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Technology 05 Jan 2017

Key technologies for 2017

2016 have brought a quantum leap for society in the adoption of new technologies. Slowly but surely biometrics, virtual reality, domotics and cryptocurrencies are making inroads in consumers’ daily activities, and many of the advances predicted in “Back to the future” are now a reality. What’s in store in 2017?

Domotics to the fore

The house of the future is coming closer.  It’s now possible to control light bulbs, washing machines, thermostats, blinds, locks and coffee machines with a single click. Control by smartphones is almost total provided they have an Internet connection, and we’re already seeing wireless standards such as Thread, from Samsung, and Nest, to connect all our household devices. Apple has also jumped on the bandwagon with its Home app, intended to make use of the Internet of Things in the home.

And these innovations are also transforming our kitchens. Last September at the IFA technology fair in Berlin, Panasonic presented smart cookers that know what temperature to cook food at, and interactive wine cellars that know what’s inside them and show through a digital glass door what to serve with that bottle of wine that’s been lurking in there for years.

360 Video of Panasonic’s Presentation at the 2016 IFA in Berlin

IKEA’s proposal features the kitchen of the future for 2025, with an innovative food recognition system on a wooden board (an overhead camera detects what’s placed on the surface), allowing users to see recipes, tips, additional product information and so on.

Voice power

VCA is also shaping up to be key for artificial intelligence and voice assistants.  Last November the consultants Gartner published a series of very favorable forecasts for this type of technologies: in 2020, 30% of web browser sessions will take place without a screen, accessing information only by means of voice interaction.

Siri, Google Now, Cortana and the improved accuracy of devices such as Amazon’s Echo or HomeKit will make it possible to shop online, choose music, order food or make a transfer with only a voice command. Some assistants go beyond the realms of science fiction, such as Jibo, christened as the first social robot, an all-rounder that recognizes faces, voices and can help with any domestic chore.

Jibo: The World’s First Social Robot for the Home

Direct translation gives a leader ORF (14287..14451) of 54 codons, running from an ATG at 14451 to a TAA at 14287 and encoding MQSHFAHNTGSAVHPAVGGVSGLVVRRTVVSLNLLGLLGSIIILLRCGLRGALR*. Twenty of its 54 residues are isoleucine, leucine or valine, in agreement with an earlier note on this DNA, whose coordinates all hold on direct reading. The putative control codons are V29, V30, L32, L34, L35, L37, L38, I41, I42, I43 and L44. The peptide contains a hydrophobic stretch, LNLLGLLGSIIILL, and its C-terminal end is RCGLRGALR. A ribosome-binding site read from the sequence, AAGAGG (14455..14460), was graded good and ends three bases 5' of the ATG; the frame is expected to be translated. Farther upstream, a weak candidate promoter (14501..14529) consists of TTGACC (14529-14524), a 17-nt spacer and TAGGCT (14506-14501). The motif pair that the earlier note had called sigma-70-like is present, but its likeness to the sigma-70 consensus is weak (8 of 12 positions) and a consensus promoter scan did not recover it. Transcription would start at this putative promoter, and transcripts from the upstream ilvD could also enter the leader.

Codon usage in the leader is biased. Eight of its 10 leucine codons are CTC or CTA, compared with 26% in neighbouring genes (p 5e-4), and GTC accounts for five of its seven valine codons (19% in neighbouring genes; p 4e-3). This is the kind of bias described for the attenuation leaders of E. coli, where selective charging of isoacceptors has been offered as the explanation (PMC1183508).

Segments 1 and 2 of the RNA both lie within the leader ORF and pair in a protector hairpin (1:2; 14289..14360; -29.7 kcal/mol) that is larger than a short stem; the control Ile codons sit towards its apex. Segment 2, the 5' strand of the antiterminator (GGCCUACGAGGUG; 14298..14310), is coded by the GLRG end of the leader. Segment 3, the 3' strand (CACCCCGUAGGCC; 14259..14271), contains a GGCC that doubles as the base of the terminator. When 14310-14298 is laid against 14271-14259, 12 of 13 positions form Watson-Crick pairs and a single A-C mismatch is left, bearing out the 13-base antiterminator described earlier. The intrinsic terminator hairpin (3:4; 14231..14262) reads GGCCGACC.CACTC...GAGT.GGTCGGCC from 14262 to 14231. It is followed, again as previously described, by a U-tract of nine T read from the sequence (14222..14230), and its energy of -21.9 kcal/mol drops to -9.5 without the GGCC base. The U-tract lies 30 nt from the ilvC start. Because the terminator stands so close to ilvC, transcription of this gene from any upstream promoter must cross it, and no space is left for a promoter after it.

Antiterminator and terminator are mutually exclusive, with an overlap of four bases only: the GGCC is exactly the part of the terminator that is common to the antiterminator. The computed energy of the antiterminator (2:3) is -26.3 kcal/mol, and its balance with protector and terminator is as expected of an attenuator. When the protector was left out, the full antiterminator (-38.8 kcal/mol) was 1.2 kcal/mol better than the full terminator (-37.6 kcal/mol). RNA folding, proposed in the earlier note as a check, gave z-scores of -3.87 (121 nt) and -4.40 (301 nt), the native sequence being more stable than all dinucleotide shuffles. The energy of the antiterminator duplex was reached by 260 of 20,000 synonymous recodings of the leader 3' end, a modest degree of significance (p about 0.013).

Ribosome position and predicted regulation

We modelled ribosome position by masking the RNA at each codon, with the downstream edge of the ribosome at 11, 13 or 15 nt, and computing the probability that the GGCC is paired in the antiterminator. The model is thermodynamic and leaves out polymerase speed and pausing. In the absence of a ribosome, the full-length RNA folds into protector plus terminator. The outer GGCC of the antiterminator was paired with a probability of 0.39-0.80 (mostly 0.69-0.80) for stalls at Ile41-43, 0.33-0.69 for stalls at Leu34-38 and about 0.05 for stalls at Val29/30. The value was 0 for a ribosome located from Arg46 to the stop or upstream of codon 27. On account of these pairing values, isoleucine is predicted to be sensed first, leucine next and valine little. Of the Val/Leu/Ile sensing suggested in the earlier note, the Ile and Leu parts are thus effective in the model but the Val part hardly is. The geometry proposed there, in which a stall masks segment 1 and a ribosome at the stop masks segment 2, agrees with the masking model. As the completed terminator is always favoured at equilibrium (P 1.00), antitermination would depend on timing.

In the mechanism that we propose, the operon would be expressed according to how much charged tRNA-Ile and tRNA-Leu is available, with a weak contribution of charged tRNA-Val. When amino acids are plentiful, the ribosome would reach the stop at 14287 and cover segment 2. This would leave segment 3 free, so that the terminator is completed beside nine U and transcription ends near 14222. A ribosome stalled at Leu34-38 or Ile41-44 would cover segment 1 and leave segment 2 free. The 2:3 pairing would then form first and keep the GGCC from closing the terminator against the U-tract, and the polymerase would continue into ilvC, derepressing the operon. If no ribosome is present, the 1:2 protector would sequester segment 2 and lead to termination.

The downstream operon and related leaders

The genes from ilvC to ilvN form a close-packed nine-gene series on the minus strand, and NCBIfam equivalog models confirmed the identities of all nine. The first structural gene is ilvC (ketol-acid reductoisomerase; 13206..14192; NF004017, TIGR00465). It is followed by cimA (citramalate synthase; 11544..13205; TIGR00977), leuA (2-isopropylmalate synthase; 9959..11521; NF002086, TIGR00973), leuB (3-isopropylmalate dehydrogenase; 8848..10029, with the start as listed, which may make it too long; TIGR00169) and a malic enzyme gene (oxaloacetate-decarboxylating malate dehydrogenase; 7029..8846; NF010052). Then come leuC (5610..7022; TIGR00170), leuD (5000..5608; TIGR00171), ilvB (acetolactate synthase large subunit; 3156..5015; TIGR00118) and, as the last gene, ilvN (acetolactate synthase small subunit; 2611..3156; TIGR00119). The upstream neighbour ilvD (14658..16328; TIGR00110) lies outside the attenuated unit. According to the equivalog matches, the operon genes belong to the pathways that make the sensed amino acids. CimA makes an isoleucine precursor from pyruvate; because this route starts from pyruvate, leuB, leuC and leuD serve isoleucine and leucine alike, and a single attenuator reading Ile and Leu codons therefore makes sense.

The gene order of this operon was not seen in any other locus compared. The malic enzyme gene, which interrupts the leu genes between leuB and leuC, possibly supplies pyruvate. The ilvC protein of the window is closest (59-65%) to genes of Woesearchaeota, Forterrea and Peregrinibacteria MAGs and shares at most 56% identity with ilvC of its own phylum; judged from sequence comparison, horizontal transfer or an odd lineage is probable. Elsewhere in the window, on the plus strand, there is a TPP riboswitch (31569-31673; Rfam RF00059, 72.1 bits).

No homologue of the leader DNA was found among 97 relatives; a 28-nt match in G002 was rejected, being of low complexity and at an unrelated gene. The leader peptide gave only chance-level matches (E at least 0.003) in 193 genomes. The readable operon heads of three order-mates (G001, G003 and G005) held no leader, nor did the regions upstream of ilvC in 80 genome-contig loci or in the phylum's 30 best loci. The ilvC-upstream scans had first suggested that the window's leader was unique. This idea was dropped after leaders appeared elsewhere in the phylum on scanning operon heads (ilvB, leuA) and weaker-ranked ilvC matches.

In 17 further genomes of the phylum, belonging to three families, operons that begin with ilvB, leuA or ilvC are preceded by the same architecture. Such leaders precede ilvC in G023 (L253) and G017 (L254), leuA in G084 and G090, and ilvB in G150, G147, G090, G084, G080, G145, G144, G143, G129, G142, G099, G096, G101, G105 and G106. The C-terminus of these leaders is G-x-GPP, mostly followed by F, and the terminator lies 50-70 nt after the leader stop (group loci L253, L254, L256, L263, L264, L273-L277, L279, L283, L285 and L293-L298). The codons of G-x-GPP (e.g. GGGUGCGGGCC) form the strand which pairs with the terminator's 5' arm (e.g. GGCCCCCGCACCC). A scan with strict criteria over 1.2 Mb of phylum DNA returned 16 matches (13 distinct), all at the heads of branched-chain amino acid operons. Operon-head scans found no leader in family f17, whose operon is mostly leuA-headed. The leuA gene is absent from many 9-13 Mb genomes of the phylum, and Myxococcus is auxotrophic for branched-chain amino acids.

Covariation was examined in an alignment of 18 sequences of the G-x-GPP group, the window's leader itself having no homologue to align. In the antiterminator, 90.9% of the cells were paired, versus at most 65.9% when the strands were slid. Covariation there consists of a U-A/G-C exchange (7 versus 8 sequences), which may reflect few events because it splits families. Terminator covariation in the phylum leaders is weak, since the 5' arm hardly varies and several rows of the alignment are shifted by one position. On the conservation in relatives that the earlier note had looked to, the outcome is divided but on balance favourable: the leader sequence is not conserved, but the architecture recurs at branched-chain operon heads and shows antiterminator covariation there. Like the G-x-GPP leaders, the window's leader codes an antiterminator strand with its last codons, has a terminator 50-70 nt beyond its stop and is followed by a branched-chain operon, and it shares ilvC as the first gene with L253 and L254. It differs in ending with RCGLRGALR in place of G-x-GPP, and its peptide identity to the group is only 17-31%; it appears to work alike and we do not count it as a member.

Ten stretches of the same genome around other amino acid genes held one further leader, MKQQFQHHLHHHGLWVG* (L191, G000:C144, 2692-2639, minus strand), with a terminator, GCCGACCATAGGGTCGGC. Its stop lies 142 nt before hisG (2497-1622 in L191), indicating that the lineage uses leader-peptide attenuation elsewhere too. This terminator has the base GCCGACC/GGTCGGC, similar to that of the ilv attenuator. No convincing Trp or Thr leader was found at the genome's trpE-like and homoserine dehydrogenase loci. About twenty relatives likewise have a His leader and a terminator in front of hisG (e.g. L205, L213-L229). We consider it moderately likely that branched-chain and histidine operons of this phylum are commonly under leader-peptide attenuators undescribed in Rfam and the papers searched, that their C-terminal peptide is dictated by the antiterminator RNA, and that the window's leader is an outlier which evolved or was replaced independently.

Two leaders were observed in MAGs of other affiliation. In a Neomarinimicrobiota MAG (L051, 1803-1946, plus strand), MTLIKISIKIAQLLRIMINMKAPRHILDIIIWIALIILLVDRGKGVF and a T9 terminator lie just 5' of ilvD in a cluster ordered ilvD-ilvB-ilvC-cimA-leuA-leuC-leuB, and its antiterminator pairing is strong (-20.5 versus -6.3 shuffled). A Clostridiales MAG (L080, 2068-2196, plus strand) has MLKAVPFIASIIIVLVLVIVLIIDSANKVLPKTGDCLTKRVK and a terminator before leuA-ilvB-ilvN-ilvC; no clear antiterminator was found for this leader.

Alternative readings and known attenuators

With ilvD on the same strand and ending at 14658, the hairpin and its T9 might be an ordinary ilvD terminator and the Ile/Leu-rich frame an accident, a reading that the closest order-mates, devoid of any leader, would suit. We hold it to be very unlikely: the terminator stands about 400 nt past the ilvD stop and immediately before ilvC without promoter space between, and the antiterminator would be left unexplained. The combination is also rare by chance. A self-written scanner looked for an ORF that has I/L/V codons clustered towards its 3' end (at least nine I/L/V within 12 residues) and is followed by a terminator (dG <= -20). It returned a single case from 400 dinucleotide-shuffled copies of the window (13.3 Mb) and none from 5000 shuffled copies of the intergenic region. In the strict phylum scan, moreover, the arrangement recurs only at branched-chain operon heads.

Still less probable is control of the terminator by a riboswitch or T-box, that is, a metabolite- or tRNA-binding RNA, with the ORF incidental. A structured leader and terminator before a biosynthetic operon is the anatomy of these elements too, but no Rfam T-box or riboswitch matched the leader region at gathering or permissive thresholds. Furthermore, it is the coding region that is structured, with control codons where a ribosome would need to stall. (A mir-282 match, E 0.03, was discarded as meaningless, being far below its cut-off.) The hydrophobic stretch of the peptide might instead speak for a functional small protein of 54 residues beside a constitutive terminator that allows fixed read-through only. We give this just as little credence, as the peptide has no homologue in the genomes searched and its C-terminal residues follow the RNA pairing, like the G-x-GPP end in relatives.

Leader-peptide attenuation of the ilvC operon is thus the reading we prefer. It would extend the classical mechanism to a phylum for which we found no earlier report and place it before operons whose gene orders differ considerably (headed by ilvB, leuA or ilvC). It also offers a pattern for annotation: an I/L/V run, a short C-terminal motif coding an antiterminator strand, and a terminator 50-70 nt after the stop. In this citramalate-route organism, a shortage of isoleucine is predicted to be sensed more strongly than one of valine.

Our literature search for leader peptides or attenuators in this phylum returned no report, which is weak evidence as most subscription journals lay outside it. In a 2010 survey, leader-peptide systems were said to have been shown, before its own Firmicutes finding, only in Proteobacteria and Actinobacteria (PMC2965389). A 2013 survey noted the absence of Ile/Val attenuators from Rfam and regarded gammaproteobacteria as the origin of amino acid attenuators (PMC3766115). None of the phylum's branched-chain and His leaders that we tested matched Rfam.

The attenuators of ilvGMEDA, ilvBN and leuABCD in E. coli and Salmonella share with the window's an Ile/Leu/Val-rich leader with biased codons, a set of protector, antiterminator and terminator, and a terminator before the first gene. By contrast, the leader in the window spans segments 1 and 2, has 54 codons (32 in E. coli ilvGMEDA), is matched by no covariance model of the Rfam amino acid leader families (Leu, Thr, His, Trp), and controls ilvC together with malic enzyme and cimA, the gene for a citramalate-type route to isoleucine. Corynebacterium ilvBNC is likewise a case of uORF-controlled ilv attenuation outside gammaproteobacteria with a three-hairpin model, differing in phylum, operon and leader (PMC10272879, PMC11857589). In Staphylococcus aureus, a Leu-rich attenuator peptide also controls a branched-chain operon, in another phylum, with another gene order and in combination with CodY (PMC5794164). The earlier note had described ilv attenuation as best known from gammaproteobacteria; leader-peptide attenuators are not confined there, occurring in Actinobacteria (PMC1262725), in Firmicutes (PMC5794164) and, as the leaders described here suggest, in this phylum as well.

Massive virtual reality

The success of Pokemon Go has confirmed that augmented (AR) and virtual reality (VR) are here to stay. The lines between the digital and physical world are gradually blurring and generating new business opportunities, as noted by Gartner in a study on trends for 2017. Virtual and augmented reality will largely transform individuals’ ways of interacting with each other and with their environment and software systems, and over time, their uses could go well beyond visual immersion to include all our senses.

In addition to their application to video games, the popularity of AR and VR may open the doors to gamification in the workplace. Gamification will play a key role in business strategy next year, along with customer experience in the use of big data, in managing customers’ preferences. Amazon, Netflix and Spotify are already using algorithms to predict which products may interest their users.

3D printing –more social than ever

Although this invention has been on the market for several years, 3D printing stood out as one of the most innovative fields of 2016. Building houses in less than 24 hours? This is now possible now thanks to WinSun, a Chinese company that produces earthquake-proof housing. And it’s not only Chinese companies that are using this technique. The first pedestrian bridge in the world using 3D printing has been built in the city of Alcobendas in Madrid.

Medicine has also benefited from technology. In early 2016, scientists from the United States implanted structures of living tissue manufactured with a 3D bioprinter in animals, as reported by the journal Nature.

The experts printed several types of tissue –cartilage, bone and muscle– and implanted them in mice, developing a system of blood vessels. Although this is still in an experimental phase, it is an important step forward on the road towards manufacturing spare tissue for human patients. In another noteworthy development, last December 2 the Clínica Universidad de Navarra implanted a totally artificial heart in what is certainly an encouraging milestone for the years ahead.

The technique has also been applied to food. NASA was the first to adopt 3D printing to produce food, an idea that has been marketed by the company Food Ink. For example, the restaurant Yours in Barcelona presented futuristic set menus with compositions printed with this technology.

Other gadgets that will make our lives easier

The company Waverly Labs has developed the earpiece translator, consisting of two headphones connected to your cellphone with an app, through which you can choose the two languages to be translated. The devices will instantly translate all the conversations you may have. Panasonic has also developed a megaphone that instantly translates what you say into several languages.

A World Without Language Barriers

Nike was the first to launch the self-adapting trainers imagined in the film Back to the future. The footwear in question, the HyperAdapt 1.0., has an algorithm to measure pressure, so when you press with your foot, the laces tie themselves. The pressure itself can be modified by means of buttons with LEDs on the tongue.

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